The General Housing Establishment (GHE) has announced the preparation and delivery of the first round of homes in Tartous’s Youth Housing Project, a full 15 years after the project launched.
The GHE, part of the Ministry of Public Works and Housing, launched the youth housing project across Syria in accordance with Prime Minister Decree No. 1940 for 2002. The project aimed to secure 65,000 small housing units for young Syrians in all cities. Those who wished to sign up for the housing had to comply with just one condition: that they not own another house already recorded in the real estate registry.
The youth housing project was launched successively in various governorates across Syria and was to be completed in two implementation stages in each region. Those who signed up for housing in the first phase would receive it five years after the date of subscription. Phase two recipients would receive their housing after seven years.
The project was launched in Tartous in 2005, and was set to be completed in two phases. But it was not until October 2020—that is, ten years late—that the GHE announced that it had completed and handed over the first round of housing, which included just 400 apartments.
The first phase of the project was implemented on land in the Al-Bassel Suburb area near the Al-Ahlam Beach south of Tartous city. The GHE purchased the 3.8-hectare property in 2006 from its main owner, the Social Military Establishment (SME).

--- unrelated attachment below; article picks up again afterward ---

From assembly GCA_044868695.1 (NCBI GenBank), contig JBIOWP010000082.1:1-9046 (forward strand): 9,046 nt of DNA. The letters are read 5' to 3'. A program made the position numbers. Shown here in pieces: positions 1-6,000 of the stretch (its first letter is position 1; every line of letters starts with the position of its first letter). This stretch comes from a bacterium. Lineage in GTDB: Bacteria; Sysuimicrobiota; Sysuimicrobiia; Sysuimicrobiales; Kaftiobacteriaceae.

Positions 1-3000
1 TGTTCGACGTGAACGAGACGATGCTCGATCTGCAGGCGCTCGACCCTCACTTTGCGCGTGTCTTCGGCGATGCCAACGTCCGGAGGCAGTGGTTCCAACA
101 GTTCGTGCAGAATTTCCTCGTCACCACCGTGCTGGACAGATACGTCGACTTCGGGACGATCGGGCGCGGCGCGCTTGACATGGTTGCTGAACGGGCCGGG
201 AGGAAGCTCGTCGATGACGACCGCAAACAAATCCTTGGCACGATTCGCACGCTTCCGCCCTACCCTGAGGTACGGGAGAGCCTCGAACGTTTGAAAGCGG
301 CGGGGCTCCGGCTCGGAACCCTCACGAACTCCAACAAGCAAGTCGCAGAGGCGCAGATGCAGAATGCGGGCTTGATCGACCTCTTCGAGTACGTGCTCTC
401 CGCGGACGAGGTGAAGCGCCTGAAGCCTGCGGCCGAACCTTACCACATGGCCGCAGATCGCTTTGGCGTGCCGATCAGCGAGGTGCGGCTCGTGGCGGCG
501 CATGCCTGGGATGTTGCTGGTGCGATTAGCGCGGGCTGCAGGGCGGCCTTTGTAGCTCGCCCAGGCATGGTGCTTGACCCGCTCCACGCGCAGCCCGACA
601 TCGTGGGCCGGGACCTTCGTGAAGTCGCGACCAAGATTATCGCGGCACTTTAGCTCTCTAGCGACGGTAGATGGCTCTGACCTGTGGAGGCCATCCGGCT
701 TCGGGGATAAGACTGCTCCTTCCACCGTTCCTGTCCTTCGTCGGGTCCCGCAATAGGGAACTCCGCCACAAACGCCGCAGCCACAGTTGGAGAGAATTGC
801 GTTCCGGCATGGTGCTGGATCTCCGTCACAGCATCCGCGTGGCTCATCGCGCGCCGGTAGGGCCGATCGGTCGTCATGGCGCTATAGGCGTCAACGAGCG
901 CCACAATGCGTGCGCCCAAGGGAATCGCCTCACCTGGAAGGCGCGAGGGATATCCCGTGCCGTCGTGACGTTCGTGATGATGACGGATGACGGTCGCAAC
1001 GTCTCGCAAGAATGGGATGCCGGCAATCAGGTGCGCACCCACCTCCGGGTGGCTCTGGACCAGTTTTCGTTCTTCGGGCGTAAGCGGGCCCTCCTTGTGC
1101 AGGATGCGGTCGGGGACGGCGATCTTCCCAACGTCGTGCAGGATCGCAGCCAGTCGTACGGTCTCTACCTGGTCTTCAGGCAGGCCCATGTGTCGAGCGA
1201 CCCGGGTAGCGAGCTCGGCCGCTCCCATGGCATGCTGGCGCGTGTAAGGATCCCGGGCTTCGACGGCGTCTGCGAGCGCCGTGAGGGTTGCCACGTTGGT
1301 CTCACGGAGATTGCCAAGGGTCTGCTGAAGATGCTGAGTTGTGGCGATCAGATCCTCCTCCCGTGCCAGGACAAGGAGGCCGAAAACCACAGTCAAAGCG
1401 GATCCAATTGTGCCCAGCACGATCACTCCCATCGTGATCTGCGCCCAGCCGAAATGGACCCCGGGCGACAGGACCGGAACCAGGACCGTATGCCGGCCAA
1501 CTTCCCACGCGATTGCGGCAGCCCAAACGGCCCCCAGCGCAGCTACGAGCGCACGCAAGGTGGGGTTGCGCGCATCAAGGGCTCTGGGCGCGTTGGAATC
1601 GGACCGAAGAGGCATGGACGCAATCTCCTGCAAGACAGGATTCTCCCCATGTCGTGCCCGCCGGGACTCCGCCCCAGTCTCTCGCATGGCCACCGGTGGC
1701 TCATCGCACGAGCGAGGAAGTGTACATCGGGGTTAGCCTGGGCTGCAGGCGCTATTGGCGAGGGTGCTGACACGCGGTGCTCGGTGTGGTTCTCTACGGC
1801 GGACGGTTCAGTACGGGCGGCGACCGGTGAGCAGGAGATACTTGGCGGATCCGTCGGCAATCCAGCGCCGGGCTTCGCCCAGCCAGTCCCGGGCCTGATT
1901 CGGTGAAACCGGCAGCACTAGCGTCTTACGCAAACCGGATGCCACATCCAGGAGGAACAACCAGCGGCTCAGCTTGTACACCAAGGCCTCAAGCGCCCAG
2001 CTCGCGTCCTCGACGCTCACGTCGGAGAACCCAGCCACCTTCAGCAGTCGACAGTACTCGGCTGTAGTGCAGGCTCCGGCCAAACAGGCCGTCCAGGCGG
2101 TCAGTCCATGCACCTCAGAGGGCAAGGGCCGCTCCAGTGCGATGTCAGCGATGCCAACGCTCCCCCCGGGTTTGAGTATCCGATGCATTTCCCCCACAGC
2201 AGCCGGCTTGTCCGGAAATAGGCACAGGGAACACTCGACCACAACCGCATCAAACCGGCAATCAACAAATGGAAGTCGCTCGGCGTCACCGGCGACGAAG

Meanwhile, preparations for phase two, which is set to include about 2,400 apartments, have yet to be completed. The GHE announced in July 2020 that it had signed a contract with other official institutions to build five housing blocks in the Sheikh Saad complex north of Tartous city, although the location for the rest of phase two is still under study.
Delays with the second phase are due partly to problems with expropriating the land for the housing units. The Tartous City Council acquired 45 hectares of agricultural land south of the villages of Abu Afseh and Al-Anabiyeh, within the city limits but outside its zoning plans.
However, residents, as well as the General Farmers Union, rejected the expropriation decision amid administrative and financial disputes between the GHE and the Tartous City Council over project implementation, responsibilities, and shares. All this led to a suspension of the expropriation in 2016.
In the search for alternative land to construct phase two of the project, the GHE chose properties in the Sheikh Saad complex that had been expropriated in 2010 for public, cooperative and savings housing projects. The total area expropriated is 27 hectares, of which 35 plots were set aside for youth housing without specifying its area. In 2017, the former prime minister laid the foundation stone for the second phase of the project, for which construction remains stalled.